The American Trucking Association (ATA), the largest national trade association for the trucking industry, holds an annual conference called the ATA Management Conference & Exhibition (MCE), which brings together nearly 3,000 trucking leaders from across the country. Key areas of discussion include economic, regulatory, and business trends focused on driving the success of fleets today and in the future. 

Although the entire 2019 show was insightful, the highlight was a panel that discussed the top challenges (from an American Transportation Research Institute (ATRI) survey to ~2,000 trucking stakeholders) facing the industry. The panel was a diverse group including an economist (Robert Costello, ATA SVP & Chief Economist), truck driver (Gary Helms, America’s Road Team Captain at Covenant Transport, Inc.) and President/CEO (James Reed of USA Truck Inc.) of a trucking company. 

Even in this time of dynamic growth and booming demand, the trucking industry faces some significant obstacles.  The three major hurdles that stood out during the ATA MCE panel are all people-related challenges confronting today’s trucking industry. 

  1. A persistent driver shortage 
  2. ELD Mandate and Hours of Service
  3. Detention at customer facilities

Challenge #1: Driver Shortage: 

workers in front of truck
The trucking industry is getting hit as hard as any other in terms of talent scarcity. If current trends continue, the trucking driver shortage could increase to over 160,000 drivers by 2028.1

Several factors have led to this, including increased demand for shipping orders overall, due to increased e-commerce orders, demographic limitations, lifestyle needs, and more job alternatives available due to the lowest unemployment rate since 19692.  According to the Census Bureau, the average age of a US commercial truck driver is 55, with the majority being white (71%) males (94%). Life on the road is trying. Over-the-road or CDL drivers can spend as many as 300 days a year away from family and friends, putting a strain on relationships. On top of all of this, there are a plethora of other job openings with similar pay and better hours for aspiring and current truckers.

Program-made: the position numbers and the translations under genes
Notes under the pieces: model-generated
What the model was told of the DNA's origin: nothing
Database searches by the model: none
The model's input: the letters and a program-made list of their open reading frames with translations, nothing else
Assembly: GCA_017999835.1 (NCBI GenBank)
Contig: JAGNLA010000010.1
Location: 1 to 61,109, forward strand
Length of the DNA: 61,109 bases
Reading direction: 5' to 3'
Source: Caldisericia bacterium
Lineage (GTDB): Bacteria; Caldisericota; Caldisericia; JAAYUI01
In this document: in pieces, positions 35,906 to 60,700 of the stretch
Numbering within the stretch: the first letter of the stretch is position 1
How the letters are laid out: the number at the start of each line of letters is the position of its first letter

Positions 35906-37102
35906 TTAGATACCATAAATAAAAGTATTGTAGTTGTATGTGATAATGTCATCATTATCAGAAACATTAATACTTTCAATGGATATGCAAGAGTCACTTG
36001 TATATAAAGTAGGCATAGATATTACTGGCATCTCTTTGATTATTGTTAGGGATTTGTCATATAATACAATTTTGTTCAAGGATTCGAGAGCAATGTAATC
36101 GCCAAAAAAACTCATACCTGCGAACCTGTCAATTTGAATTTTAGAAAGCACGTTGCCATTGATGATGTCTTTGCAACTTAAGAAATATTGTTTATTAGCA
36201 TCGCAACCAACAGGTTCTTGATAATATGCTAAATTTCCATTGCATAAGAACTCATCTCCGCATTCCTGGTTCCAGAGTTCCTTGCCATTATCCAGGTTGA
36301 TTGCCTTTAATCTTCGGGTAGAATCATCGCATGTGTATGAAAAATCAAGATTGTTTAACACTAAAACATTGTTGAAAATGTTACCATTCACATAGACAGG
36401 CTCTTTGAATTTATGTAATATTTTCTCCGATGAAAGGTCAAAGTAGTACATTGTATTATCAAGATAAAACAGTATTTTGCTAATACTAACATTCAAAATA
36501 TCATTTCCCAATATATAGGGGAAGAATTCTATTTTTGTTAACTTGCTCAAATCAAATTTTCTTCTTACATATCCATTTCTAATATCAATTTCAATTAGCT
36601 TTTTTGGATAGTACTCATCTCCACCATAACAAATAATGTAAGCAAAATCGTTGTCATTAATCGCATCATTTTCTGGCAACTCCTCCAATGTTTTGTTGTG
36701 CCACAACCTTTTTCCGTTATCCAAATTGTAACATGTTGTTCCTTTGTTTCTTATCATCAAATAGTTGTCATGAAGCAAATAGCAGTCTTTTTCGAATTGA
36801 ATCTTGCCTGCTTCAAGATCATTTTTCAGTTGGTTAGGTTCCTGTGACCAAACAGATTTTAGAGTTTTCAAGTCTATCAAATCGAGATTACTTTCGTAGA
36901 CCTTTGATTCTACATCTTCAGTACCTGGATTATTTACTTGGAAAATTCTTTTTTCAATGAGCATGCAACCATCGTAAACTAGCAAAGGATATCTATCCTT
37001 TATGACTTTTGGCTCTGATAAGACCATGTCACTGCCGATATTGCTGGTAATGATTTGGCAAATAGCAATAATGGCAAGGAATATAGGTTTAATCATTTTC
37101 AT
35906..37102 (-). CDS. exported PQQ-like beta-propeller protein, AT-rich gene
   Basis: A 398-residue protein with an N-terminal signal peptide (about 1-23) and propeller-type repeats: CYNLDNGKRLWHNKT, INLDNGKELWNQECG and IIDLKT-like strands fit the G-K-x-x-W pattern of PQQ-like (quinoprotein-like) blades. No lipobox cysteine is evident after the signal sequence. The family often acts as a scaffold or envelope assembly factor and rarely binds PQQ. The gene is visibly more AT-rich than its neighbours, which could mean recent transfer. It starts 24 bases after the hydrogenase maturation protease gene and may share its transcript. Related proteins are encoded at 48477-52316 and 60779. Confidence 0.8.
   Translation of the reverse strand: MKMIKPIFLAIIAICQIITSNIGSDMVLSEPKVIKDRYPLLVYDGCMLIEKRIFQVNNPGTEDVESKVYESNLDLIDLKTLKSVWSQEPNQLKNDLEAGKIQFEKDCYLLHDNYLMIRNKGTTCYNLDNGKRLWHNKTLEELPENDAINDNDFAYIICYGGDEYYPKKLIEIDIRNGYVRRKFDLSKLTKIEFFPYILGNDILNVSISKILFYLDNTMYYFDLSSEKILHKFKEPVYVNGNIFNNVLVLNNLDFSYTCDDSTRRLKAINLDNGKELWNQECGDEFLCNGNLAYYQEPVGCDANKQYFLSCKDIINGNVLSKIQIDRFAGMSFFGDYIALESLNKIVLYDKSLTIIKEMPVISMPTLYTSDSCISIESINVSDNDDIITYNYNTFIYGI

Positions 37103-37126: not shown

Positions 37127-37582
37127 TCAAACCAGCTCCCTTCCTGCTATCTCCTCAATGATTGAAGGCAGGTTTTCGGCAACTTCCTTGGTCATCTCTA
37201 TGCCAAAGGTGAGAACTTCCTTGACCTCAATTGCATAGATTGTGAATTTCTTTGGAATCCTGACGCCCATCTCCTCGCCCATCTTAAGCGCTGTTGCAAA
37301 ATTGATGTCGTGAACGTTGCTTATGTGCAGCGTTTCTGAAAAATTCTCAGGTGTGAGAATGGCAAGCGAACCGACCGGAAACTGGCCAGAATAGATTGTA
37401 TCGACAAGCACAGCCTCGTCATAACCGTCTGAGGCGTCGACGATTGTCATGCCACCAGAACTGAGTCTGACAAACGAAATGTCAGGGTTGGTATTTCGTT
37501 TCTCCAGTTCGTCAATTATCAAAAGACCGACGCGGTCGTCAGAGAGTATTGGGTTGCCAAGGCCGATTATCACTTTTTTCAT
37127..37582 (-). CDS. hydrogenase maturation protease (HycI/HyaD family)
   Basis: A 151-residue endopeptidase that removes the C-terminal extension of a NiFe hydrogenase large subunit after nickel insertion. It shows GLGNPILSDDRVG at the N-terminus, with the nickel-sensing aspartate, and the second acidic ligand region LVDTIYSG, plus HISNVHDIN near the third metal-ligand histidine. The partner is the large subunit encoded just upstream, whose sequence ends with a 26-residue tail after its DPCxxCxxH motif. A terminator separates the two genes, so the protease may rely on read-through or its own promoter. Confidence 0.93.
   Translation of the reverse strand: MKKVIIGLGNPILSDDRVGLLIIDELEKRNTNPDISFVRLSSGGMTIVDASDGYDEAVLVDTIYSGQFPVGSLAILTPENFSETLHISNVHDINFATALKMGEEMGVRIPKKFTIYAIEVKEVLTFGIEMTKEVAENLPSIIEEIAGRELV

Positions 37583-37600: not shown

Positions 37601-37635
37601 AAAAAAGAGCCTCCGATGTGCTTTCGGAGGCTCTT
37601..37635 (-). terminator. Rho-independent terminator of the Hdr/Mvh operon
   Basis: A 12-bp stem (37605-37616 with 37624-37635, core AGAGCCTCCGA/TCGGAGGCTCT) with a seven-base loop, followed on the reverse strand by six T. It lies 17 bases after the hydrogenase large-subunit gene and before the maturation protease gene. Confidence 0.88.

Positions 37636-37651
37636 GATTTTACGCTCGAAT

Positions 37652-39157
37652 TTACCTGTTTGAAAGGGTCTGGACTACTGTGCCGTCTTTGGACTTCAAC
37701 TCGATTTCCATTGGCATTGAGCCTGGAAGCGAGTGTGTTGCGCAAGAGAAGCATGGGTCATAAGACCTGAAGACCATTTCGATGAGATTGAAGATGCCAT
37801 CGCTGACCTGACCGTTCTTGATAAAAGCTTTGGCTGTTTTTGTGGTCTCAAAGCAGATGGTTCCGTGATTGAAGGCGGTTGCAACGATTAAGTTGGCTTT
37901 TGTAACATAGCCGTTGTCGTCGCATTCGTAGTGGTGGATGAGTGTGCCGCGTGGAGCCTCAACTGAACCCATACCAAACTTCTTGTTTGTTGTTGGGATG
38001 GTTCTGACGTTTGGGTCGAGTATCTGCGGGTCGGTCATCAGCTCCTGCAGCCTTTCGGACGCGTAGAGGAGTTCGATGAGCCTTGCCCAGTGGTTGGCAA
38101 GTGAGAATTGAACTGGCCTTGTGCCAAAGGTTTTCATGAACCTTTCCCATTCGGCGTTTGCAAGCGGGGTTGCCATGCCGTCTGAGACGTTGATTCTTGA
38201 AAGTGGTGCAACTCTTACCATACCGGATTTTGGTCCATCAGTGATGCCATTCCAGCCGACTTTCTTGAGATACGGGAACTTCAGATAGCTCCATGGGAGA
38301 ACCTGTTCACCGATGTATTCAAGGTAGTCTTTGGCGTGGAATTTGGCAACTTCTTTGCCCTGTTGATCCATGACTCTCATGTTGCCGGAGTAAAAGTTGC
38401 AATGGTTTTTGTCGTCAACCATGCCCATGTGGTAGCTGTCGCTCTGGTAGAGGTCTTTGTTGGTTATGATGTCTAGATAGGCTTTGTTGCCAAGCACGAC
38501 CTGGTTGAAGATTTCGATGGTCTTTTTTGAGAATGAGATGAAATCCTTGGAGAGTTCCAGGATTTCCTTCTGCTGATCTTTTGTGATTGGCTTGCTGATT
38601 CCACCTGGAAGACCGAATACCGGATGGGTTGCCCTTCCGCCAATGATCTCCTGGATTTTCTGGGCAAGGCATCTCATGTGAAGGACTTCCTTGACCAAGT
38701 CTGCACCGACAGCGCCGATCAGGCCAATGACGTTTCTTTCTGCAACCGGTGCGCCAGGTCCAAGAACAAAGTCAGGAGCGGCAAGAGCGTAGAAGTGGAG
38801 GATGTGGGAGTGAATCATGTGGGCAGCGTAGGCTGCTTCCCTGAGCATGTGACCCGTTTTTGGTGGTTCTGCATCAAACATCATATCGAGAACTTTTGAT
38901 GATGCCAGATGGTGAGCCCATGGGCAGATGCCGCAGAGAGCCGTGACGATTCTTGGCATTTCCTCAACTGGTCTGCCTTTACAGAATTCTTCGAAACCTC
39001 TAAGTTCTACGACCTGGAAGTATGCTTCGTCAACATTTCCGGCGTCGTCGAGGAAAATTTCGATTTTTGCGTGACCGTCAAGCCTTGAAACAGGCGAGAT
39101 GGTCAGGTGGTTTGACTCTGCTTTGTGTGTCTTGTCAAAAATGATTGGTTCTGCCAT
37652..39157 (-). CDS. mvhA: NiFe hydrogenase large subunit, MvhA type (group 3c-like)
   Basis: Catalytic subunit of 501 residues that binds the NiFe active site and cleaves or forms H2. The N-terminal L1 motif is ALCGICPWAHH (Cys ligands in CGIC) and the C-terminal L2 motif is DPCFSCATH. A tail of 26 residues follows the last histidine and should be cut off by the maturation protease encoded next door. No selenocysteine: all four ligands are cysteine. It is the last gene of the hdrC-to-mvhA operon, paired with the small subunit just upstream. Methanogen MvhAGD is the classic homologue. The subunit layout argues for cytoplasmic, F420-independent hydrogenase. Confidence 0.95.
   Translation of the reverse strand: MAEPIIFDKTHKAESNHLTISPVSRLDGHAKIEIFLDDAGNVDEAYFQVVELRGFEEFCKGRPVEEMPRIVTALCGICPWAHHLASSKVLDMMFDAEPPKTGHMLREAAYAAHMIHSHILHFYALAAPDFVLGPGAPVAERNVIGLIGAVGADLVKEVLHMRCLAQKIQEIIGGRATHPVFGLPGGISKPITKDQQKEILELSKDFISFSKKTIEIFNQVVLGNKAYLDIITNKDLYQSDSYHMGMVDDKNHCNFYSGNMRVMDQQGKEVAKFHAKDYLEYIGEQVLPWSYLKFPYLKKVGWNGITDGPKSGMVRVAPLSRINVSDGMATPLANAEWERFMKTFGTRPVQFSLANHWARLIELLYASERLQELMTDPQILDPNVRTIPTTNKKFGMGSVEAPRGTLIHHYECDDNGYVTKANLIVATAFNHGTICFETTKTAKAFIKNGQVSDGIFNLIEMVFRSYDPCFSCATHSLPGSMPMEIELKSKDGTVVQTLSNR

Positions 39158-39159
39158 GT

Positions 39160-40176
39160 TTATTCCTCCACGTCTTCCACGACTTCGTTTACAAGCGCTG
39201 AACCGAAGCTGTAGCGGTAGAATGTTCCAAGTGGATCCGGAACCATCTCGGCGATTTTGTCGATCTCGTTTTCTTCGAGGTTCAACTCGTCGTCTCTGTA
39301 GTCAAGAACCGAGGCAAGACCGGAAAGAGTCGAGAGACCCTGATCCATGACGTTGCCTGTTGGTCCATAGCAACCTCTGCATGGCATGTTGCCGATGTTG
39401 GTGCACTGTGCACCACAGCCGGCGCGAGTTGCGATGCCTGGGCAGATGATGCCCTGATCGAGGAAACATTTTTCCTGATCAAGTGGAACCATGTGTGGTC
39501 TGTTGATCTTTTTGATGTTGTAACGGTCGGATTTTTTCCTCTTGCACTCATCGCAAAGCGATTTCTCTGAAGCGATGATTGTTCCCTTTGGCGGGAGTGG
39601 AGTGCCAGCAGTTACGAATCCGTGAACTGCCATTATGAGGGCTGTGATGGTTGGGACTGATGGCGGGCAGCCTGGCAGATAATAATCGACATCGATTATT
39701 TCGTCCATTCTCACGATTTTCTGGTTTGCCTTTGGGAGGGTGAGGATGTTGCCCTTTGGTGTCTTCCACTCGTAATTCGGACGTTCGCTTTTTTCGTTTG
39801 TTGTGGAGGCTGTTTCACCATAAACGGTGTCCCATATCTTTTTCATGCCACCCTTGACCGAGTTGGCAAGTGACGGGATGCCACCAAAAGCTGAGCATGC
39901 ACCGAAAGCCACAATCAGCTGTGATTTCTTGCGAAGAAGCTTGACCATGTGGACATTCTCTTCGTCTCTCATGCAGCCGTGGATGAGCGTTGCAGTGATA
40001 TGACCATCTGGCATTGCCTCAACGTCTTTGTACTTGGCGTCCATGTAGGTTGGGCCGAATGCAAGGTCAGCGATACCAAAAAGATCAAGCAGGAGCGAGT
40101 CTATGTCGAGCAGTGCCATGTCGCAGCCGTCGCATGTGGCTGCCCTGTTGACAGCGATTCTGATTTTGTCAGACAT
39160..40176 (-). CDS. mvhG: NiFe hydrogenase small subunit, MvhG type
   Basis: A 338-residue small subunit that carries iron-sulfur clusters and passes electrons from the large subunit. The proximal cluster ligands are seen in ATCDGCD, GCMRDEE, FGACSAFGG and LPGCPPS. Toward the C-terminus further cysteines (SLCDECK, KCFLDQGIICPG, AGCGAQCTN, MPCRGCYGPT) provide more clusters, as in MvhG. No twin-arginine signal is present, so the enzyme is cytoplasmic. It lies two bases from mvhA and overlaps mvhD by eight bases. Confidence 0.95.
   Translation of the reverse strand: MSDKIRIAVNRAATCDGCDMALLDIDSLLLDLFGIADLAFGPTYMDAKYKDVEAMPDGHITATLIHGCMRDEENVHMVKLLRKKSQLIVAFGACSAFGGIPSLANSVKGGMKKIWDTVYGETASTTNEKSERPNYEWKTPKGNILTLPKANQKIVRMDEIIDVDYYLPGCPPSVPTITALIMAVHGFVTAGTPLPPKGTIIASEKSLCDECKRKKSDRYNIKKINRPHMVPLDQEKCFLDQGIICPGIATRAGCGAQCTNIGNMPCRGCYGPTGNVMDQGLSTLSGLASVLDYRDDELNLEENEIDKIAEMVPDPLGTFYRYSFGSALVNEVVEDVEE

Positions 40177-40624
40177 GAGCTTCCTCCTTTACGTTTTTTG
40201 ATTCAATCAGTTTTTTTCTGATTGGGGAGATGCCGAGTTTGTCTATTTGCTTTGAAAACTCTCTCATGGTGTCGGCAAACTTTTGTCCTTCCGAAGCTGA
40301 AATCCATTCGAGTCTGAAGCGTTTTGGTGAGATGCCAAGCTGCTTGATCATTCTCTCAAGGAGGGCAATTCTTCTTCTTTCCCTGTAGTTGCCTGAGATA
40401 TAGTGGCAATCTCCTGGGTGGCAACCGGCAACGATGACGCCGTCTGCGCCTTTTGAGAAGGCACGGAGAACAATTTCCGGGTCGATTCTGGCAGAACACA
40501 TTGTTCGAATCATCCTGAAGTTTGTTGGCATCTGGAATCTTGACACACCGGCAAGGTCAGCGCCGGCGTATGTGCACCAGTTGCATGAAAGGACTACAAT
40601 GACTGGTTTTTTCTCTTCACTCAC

Opportunity:  To address this growing worker gap, the industry is launching several promising initiatives to entice retirees, military veterans, minorities, and women into trucking. Recruitment, however, is only part of the problem. While attracting drivers is difficult, getting them to stick around is even harder, especially as more companies offer signing bonuses and other hiring incentives. While higher compensation has slowed churn slightly, turnover is still high — 87% for large truckload carriers and 72% for small carriers in 20183.  This suggests the need for trucking companies to invest in programs to attract, engage, and retain employees.  Enter workforce management software. Talent acquisition technology empowers employers and candidates by simplifying the search and application process, while many solutions enable you to configure pre-screening questions to easily identify the most qualified applicants, while streamlined background checks accelerate hiring decisions so you can extend offers quickly — before candidates accept jobs elsewhere. In addition, predictive people analytics can collect and analyze labor data to pinpoint who is a flight risk and who needs to be re-engaged, ensuring your top employees stick with you. 

Challenge #2 ELD Mandate

Woman driving truck

It’s been a little over two years (December 18, 2017) since the electronic logging device (ELD) mandate took effect. This set of regulations was implemented to improve roadway safety and increase trucking industry productivity. Nearly all commercial freight trucks must be equipped with a standardized ELD that synchronizes with the vehicle’s engine to record a driver’s Record of Duty Status to demonstrate compliance with Hours of Service (HOS) requirements.